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Reisverslag First days, first kilometers, first impressions!
10 april 2014
First days, first kilometers, first impressions!
My bike survived the flight (AWEsome) and although I got quite some "are you an alien-looks" from the Japanese customs-guys I was allowed to enter the country with my bike. After some mechanics I headed off into the dark, on my way to the hostel I booked for the first night.
Finding my way off the airport-premises was quite challenging, and it was VERY dark. I felt like a neon-circus pony with all my reflective stuff but I guess more visible is more better. The hostel was nice and simple, and after a good night's sleep I headed off!
The first day of cycling contained a lot of sun, quite some kilometers and a small struggle with the lady from the gas station who was not willing to fill up my fuel bottle for cooking (apparently VERY unsafe). Not very good timing, I was tired and hungry and NOT willing to get into an argument, so when I had made clear that I left relatively unhappy (finally) her Japanese humility showed up. Luckily, the next gas station service lady was not bothered at all by my fuel bottle and happily filled it up. I found a cool camping spot some km's down the road, and after pitching the tent and enjoying some pasta I slept a-ma-zing.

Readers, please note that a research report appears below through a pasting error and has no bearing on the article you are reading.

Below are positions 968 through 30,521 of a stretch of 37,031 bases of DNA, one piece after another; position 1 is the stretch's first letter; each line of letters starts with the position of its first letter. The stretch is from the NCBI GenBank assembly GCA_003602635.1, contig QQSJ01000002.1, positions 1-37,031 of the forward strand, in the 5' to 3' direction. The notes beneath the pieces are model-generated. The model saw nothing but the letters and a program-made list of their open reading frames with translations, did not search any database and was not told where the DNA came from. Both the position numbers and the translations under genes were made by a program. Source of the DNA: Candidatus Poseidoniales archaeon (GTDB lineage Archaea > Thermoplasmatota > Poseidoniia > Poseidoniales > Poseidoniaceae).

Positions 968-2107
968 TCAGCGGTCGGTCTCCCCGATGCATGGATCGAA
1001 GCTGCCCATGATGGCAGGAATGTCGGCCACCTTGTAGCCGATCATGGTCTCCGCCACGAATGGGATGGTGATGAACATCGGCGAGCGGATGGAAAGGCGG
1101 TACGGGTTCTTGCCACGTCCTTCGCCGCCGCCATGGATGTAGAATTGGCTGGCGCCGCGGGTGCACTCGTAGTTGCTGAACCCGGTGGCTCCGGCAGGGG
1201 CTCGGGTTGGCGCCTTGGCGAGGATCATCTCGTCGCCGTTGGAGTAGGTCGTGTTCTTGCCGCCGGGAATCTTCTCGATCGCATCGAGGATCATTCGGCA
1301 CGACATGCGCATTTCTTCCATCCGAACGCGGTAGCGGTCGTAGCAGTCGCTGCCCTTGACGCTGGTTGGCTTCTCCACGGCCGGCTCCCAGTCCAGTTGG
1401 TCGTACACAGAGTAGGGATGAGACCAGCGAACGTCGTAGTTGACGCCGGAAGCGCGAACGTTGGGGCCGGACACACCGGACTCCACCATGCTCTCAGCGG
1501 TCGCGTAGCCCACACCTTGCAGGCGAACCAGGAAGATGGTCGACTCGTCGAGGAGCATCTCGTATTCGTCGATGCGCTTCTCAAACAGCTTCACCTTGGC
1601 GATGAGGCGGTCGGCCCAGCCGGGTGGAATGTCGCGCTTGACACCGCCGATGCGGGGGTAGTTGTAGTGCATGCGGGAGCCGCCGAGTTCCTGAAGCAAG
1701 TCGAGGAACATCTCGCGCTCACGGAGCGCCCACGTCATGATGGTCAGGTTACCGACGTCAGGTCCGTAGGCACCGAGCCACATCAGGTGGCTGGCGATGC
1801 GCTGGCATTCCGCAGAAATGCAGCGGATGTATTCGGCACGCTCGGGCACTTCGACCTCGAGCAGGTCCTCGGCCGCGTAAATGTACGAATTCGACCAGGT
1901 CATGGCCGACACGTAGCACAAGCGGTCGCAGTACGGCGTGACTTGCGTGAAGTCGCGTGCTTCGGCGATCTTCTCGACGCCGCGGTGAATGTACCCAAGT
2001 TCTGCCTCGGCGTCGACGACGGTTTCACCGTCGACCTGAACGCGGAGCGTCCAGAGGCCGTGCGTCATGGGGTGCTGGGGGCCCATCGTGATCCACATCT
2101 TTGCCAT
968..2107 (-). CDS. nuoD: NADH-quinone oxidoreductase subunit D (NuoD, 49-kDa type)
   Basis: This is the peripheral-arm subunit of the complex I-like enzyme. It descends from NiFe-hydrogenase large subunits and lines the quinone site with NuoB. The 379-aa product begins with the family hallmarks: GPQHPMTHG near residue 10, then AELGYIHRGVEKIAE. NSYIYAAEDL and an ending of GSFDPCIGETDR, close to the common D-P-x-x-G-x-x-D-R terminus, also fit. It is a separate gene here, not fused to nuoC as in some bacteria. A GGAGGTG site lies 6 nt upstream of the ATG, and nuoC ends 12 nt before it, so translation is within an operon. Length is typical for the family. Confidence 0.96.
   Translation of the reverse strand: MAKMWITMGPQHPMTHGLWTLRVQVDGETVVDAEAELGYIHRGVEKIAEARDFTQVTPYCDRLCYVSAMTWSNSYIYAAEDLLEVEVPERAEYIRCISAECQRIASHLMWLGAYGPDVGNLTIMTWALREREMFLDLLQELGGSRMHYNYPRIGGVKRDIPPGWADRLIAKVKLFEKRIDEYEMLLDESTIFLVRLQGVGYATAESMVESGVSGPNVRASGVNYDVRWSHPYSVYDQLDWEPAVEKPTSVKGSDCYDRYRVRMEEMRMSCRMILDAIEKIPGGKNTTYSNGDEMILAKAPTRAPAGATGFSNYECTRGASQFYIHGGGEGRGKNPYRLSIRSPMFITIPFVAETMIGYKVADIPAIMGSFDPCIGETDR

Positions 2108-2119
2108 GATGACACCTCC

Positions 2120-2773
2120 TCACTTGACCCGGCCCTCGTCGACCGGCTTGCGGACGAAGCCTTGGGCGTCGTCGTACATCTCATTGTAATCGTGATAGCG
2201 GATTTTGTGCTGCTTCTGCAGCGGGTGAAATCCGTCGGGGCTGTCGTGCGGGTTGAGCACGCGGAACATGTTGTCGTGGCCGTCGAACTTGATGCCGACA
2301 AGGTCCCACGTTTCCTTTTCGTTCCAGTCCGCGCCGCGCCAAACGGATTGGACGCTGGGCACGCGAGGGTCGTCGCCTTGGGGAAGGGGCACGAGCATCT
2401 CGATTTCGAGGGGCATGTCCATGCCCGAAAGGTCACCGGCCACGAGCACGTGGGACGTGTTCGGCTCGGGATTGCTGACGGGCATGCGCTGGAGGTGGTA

Day two was characterized by hills. Oh my, this country is not flat. At all. The weather was yet again very sunny, so regular sunscreen-stops and making use of the ubiquitous vending machines, that sometimes even contain ice-cream! xD